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Hoffmann, R. A wiki for the life sciences where authorship matters. Nature Genetics (2008)

Intragenic loss of function mutations demonstrate the primary role of FMR1 in fragile X syndrome.

Nearly all cases of fragile X syndrome result from expansion of a CGG trinucleotide repeat found in the 5' untranslated portion of the FMR1 gene. Methylation of the expanded repeats correlates with down-regulation of transcription of FMR1; thus fragile X syndrome is postulated to be due to a loss of function of the FMR1 gene product, and this has been demonstrated at the protein level. However, the nature of the mutation offers the possibility of methylation spreading to adjacent genes with consequent loss of expression and contribution to the phenotype. Deletions of FMR1 and flanking sequence (some of substantial size) have been reported in patients with phenotypes consistent with a diagnosis of fragile X-syndrome, however, none is strictly intragenic. We report here the identification of two different intragenic loss of function mutations in FMR1: a single de novo nucleotide deletion in a young male patient (IJ) and an inherited two basepair change in an Adult male (SD), each with classical features of fragile X syndrome.[1]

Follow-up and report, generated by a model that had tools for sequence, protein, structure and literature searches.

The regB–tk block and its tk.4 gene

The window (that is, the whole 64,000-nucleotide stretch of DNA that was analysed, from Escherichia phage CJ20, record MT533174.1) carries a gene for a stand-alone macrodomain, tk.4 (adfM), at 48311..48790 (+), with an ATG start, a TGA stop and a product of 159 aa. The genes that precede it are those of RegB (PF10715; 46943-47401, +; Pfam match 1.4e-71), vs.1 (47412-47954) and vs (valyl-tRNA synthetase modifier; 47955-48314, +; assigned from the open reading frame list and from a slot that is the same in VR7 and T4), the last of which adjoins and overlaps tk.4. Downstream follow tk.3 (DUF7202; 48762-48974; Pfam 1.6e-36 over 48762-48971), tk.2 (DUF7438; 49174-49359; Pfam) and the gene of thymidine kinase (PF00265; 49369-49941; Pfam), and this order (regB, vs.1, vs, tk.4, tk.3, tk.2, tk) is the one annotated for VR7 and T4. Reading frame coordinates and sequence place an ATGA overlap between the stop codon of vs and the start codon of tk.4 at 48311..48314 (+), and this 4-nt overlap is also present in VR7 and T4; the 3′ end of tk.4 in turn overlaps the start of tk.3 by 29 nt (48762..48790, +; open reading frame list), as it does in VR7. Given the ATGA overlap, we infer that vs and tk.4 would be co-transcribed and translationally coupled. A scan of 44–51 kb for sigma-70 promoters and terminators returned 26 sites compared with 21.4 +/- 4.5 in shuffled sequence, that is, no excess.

1. Intragenic loss of function mutations demonstrate the primary role of FMR1 in fragile X syndrome. Lugenbeel, K.A., Peier, A.M., Carson, N.L., Chudley, A.E., Nelson, D.L. Nat. Genet. (1995) [Pubmed]
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